They perpetuated the remembrance of what might encourage men, and not of that which might fill them with cowardice or despair. This is so true, that fables were invented for the purpose of instituting feasts. Castor and Pollux did not fight for the Romans near Lake Regillus; but, at the end of three or four hundred years, some priests said so, and all the people danced. Hercules did not deliver Greece from a hydra' with seven heads; but Hercules and his hydra were sung.

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SECTION III.

Festivals founded on Chimeras. I do not know that, there was, in all antiquity, a single festival founded on an established fact. - It has been elsewhere remarked how extremely ridiculous those schoolmen appear,

with a magisterial, air: Here is an ancient hymn in honour of Apollo, who visited Claros; therefore, Apollo went to Claros :. a. chapel was erected to Perseus; therefore, he delivered Andromeda. Poor men! you should rather say, therefore, there was no Andromeda.

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But what, then, will become of that learned antiquity which preceded the olympiads ?-It will become what it is, an unknown time, a time lost, a time of allegories and lies, a time regarded with contempt by the wise, and profoundly discussed by blockheads, who like to float in a void, like Epicurus's atoms.

There were everywhere days of penance, days of expiation in the temples; but these days were never called by a name answering to that of feasts. Every feast-day was sacred to diversion : so true is this, that the Egyptian priests fasted on the eve, in order to eat the more on the morrow,-a custom which our monks have preserved. There were, no doubt, mournful ceremonies. It was not customary to dance the Greek brawl while interring or carrying to the funeral pile a son or a daughter; this was a public ceremony, but certainly not a feast.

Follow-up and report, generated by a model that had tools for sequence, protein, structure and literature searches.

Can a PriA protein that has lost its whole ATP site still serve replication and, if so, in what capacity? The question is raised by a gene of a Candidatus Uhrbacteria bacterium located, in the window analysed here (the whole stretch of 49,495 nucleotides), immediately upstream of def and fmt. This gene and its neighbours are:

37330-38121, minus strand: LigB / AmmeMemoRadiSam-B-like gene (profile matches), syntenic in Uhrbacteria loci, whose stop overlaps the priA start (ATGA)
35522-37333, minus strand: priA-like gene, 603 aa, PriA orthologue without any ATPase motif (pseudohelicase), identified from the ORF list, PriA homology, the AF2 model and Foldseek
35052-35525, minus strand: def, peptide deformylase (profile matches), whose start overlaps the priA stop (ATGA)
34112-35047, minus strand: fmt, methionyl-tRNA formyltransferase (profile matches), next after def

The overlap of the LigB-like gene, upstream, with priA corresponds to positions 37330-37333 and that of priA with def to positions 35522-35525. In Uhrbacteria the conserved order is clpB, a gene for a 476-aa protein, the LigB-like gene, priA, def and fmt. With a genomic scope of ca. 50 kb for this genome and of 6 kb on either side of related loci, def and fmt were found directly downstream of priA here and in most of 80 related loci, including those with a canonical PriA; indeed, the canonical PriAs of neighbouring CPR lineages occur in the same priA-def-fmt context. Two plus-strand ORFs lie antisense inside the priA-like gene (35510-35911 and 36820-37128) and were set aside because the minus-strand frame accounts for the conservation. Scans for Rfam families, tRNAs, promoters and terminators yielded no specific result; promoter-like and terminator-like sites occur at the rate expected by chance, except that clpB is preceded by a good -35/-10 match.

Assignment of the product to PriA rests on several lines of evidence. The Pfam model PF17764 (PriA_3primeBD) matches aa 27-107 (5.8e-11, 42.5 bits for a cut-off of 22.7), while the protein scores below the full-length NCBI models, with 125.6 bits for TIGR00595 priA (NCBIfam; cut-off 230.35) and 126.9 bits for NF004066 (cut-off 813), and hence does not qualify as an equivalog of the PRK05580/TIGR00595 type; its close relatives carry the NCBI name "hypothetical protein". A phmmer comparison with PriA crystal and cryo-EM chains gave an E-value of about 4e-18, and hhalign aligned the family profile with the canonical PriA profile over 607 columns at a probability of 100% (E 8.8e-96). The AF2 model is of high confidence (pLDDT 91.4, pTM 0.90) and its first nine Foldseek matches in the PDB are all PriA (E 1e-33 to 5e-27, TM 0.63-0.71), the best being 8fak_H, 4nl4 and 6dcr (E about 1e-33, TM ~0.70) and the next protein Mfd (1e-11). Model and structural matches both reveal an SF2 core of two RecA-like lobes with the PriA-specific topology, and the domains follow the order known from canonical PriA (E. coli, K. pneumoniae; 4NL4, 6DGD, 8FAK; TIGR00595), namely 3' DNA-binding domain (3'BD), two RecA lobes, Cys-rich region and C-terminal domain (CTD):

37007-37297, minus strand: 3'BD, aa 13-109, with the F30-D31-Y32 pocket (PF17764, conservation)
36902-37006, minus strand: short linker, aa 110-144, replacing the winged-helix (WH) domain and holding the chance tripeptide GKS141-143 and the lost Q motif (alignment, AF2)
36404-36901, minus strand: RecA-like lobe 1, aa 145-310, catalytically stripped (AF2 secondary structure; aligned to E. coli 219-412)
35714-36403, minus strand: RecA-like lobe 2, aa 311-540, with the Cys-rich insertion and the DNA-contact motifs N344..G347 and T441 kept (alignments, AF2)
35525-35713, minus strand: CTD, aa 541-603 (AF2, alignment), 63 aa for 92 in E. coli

SECTION IV.

On the Antiquity of Feasts, which, it has been asserted,

were always mournful. Men of ingenuity, profound searchers into antiquity, who would know how the earth was made a hundred thousand years ago, if genius could discover it, have asserted that mankind, reduced to a very small number in both continents, and still terrified at the innumerable revolutions which this sad globe had undergone, perpetuated the remembrance of their calamities by dismal and mournful commemorations.

Every feast," say they, “was a day of horror, instituted to remind men that their fathers had been destroyed by the fires of the volcanoes, by rocks falling from the mountains, by eruptions of the sea, by the teeth and claws of wild beasts, by war, pestilence, and famine.” * Then we are not made as men were then. There was never so much rejoicing in London as after the plague and the burning of the whole city, in the reign of Charles II. We made songs while the massacres of St. Bartholomew were still going on. Some pasquinades have been preserờed, which were made the day after the assassination of Coligni: there was printed in Paris, Passio Domini nostri Gaspardi Colignii secundum Bartholomæum.

It has a thousand times happened that the Sultan, who reigns at Constantinople, has made his eunuchs and odalisks dance in apartments stained with the blood of his brothers and his viziers.

What do the people of Paris do, on the very day that they are apprised of the loss of a battle and the death of a hundred brave officers? They run to the play and the opera.

What did they when the wife of Marshal D'Ancre was given up in the Grève to the barbarity of her persecutors ?--When Marshal De Marillaç was dragged to execution in a waggon, by virtue of a paper signed by robed lackies in Cardinal De Richelieu's anti-chamber?—When a lieutenant-general of the army,*. a foreigner, who had shed his blood for the state, condemned by the cries of his infuriated enemies, was led to the scaffold in a dung-cart, with a gag in his mouth ?—When a young man of nineteen, full of candour, courage, and modesty, but very imprudent, was carried to the most dreadful of punishments ? They sang vaudevilles.

Such is man, at least man on the banks of the Seine. Such has he been at all times, for the same reason that rabbits have always had hair, and larks feathers.

SECTION V.

On the Origin of the Arts. What! we would know the precise theology of Thoth, Zerdusht, or Sanchoniathon, although we know not who invented the shuttle. The first weaver, the first mason, the first smith, were undoubtedly great geniuses; yet no account has been made of them. And why? Because not one of them invented a perfect art. He who first hollowed the trunk of an oak for the purpose of crossing a river, did not build

* Count Lally.-T. + The Chevalier de la Barre.-T.